Europe's smoking fuse: the rights of minorities

The post-communist era has redrawn national borders, reigniting ethnic disputes in Eastern Europe that many thought had faded. Komarno, Slovakia, is one such flash point: Hungarian and Slovak leaders have tussled over the treatment of Hungarians there. Residents, however, say the tension is artificial.

THIS border town on the Danube River is portrayed as a hotbed of separatist sentiment by Slovak nationalists. Some Western European diplomats say it is a potential flash point for ethnic conflict.

But ask the inhabitants, and most scoff at such suggestions. ``If anything happens here, it will be something that's artificially created by the politicians at the top,'' says Robert Mayer, a truck driver and one of the many ethnic Hungarians who call Komarno home.

Whether or not it is an artificial creation, people in the city, and across much of Central Europe, once again have trouble avoiding the nationality question. After a more than 40-year respite, the issue of minority rights has again become a volatile topic from the Baltics to the Balkans.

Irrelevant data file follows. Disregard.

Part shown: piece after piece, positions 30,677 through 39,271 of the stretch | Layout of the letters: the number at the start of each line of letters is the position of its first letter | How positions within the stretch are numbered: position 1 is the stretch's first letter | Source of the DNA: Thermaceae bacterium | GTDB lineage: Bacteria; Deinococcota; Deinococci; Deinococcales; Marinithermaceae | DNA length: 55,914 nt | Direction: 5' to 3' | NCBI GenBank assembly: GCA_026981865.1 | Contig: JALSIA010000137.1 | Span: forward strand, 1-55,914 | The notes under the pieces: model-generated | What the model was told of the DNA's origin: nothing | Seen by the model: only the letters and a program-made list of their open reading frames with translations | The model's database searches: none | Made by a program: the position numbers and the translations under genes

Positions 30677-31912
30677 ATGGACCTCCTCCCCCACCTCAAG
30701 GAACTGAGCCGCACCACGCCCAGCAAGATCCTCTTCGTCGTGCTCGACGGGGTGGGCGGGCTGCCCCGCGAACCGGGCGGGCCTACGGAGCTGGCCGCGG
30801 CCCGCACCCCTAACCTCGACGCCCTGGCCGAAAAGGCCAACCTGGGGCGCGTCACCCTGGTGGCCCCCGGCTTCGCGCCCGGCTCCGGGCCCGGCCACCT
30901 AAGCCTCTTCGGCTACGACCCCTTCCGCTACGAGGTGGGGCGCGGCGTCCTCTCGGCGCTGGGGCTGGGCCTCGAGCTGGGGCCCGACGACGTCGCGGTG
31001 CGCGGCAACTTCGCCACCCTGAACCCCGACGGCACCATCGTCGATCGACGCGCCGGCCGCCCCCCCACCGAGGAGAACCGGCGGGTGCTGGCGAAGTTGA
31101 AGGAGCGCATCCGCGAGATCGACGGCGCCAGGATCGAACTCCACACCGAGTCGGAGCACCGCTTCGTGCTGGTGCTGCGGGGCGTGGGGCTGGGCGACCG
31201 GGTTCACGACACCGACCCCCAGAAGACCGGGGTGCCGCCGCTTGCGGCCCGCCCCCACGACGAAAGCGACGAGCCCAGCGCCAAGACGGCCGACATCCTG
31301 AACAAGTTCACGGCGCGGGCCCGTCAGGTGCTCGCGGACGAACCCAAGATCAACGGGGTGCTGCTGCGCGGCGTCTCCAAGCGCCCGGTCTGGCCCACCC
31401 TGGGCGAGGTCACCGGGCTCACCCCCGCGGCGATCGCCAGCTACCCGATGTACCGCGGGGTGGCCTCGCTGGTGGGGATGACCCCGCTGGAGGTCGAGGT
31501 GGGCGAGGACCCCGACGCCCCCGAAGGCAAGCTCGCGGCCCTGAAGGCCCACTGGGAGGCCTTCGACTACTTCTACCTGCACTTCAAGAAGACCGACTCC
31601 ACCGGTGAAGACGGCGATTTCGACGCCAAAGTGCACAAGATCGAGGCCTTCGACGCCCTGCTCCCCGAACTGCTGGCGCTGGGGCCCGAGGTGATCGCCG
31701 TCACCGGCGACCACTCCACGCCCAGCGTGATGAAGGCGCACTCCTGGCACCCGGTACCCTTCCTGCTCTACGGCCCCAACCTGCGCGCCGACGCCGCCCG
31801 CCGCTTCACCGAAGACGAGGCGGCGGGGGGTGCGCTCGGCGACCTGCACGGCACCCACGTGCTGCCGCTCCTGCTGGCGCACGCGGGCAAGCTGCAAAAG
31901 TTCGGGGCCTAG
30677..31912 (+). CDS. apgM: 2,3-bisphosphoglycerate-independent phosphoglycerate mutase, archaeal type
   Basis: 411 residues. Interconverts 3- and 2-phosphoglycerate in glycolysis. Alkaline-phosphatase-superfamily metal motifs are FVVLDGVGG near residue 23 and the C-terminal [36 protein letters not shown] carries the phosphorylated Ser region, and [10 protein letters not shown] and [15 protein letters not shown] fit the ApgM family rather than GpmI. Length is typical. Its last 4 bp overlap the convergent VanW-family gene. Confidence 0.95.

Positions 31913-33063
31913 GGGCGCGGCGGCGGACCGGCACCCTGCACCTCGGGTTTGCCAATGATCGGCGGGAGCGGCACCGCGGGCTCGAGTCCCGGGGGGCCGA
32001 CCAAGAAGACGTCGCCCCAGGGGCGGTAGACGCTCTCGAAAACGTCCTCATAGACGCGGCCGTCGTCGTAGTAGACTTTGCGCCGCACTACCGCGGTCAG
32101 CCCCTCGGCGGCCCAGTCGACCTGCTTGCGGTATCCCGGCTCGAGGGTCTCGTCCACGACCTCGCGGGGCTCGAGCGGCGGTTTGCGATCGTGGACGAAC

In the worst-case scenario, the former Yugoslavia, the issue of minority rights played a major role in starting a full-blown war that has no end in sight. Meanwhile, under the best-case scenario, the peaceful division of Czechoslovakia in 1993, two nations demonstrated they can part ways amicably and without bloodshed.

Komarno is proving to be somewhere in the middle. Few here expect a repeat of Yugoslav-like hostilities. But no one expects that a settlement between Slovak authorities and the ethnic Hungarian community will be achieved as easily as Czechoslovakia's breakup.